- - Monday, March 27, 2017

ANALYSIS/OPINION:

AINKAWAH, Iraq

The Islamic State (ISIS) has lost significant territory, but its genocide continues. How can it be ended? How can it be reversed?

American and United Nations plans for post-ISIS reconstruction in Iraq focus primarily on Sunni and Shia areas, scandalously neglecting minorities in Northern Iraq — particularly the Christians — who continue to suffer from the ISIS genocide and ongoing discrimination within their country.

These disenfranchised minority groups, including Christians, Yazidis and Turkomen, have made their home in Northern Iraq for millennia. This is by far the most pro-U.S. area in Iraq. In order to reverse the genocide and get these formerly thriving communities earning their daily bread again, we need a safe zone like the ones in Kurdistan (1991) and Bosnia (1993).

The refugee crisis is deepened because well-intentioned efforts by governments and charities have focused exclusively on relief. Emergency relief is one thing, but it very quickly turns toxic as able-bodied adults who hunger to recover their dignity spiral into the depression and despair of not being able to provide for their families. This is why the U.N. says the typical stay in a refugee camp lasts 17 years. Such a horrible waste of human life.

A safe zone, however, could provide security and foster productivity as it did in the wake of genocides in Kurdistan and Bosnia.

The growing consensus among security experts is right about one thing: A coalition of regional forces with international training and assistance should be assembled to provide external security.

But the consensus ignores something every bit as important: Internal security — the cop on the corner, the soldier at the checkpoint — should be indigenous. Longstanding discrimination against minorities means that a Christian in Alqosh or a Yazidi in Sinjar will not see a member of her ethnic group at the checkpoints that regulate entry and exit from her town. Wouldn’t she be more likely to make a bet on the future, to work and take entrepreneurial risks, if she saw that people like her could participate in the most visible institutions of governance and security?

That’s why we need countries with proven ability to train police abroad, like Italy and Denmark, to train indigenous police forces and serve as observers. Then the reconstruction can begin in earnest.

And when it does, Western businesspeople are the best hope to help returning families make that reconstruction a success. Because without restoring their once-flourishing economy that now sits in rubble, these communities can never become self sustaining again.

So governments should do what they can to facilitate the private-sector transactions that will build an economy from the bottom up. Instead of its normal penchant for top-down macroeconomic policies, governments should map the microeconomic assets, including human capacities and capital goods, that can be employed by investors and entrepreneurs in a productive economy. For example, there is no government entity surveying the displaced families to find out what job skills they have. Untold millions are spent on surveys asking the displaced about their demography, about their past, but nothing that will help an investor see that there is a skill that represents an opportunity in the future.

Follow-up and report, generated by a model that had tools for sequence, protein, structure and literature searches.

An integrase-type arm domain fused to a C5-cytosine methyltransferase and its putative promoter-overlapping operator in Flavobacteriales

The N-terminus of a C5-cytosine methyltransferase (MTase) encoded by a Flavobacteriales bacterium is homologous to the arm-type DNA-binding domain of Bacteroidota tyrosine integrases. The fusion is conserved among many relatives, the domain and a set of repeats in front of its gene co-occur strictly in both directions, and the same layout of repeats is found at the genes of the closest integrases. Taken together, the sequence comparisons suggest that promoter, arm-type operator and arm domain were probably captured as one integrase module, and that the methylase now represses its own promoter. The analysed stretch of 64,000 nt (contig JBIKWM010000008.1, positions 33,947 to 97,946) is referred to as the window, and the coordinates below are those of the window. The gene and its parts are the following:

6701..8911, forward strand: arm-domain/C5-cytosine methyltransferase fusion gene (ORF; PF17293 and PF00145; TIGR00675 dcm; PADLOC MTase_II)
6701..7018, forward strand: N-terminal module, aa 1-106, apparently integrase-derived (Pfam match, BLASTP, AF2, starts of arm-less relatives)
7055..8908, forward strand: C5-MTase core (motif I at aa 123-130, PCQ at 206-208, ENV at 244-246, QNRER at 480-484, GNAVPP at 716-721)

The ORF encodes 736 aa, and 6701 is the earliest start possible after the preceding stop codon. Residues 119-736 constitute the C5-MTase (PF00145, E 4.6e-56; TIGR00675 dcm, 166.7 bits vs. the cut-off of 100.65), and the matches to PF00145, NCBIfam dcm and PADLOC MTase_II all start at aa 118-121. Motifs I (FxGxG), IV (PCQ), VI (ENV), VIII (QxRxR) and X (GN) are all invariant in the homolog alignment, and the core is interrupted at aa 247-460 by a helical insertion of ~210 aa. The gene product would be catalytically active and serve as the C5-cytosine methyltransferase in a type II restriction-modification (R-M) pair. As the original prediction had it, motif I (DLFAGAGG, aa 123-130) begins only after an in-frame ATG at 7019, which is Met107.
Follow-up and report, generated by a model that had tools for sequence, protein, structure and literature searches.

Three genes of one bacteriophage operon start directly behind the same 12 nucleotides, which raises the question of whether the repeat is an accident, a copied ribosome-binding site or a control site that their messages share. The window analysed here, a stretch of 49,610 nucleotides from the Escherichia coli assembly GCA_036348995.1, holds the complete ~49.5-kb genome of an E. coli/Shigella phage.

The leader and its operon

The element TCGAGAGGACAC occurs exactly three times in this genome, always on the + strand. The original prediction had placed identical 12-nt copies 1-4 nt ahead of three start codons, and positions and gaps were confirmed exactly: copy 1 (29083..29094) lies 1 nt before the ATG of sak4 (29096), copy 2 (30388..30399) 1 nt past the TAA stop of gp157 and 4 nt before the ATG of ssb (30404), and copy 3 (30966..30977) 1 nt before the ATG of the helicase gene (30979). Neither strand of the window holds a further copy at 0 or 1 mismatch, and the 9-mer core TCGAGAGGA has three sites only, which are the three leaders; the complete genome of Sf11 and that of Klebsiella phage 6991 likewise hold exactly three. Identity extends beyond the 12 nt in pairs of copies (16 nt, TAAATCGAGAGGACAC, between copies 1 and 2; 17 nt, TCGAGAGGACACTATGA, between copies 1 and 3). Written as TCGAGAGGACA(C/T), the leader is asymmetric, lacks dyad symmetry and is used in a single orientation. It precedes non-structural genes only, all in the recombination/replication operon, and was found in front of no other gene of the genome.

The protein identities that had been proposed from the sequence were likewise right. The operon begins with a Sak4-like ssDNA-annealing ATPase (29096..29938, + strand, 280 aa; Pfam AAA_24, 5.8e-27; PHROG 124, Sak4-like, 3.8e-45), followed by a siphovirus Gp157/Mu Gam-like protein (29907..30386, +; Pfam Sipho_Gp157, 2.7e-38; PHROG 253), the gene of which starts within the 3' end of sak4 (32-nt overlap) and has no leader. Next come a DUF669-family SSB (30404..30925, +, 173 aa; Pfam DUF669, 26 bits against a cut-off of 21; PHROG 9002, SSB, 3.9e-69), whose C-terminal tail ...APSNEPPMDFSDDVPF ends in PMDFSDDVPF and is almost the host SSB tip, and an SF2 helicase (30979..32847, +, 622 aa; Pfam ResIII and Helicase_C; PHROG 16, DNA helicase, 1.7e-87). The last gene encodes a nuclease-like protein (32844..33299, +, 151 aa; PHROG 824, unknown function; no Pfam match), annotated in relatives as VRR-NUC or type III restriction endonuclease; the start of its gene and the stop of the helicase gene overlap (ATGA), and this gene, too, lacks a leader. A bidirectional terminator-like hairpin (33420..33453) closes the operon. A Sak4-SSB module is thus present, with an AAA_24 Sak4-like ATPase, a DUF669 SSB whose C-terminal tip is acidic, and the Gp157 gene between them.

The broken foreign aid industrial complex — governments and nongovernmental organizations — is beset by a kind of conceit that focuses only on what the suffering don’t have, rather than on what they do have. That’s why they aren’t any good at business (which is OK with them, since they tend to have contempt for it). But if they understood the real needs of the persecuted, if they really listened to them, they would see that the validation a job represents is the restoration of dignity.

If government would map those microeconomic assets, from the number of teachers and engineers in the camps, to the numbers of olive and apple trees going unused because of the genocide, investors could step in to fill the gaps, using those assets to create real value and, therefore, making these persecuted communities sustainable again.

That’s why my goal is to connect entrepreneurs there in North America and Europe with entrepreneurs here in Northern Iraq. Use your business skills to help them: Create distribution channels to sell their products, transfer technology to improve their regional competitiveness, mentor them with your expertise, and — when all of that proves to you they are a good bet — invest your capital to make their enterprises grow and provide jobs for their neighbors.

There is nothing you can do that would help them more right now.

• Stephen Hollingshead, an economic development and strategy consultant with offices in Washington, D.C. and Merida, Mexico, directs IraqHaven.org in Northern Iraq.

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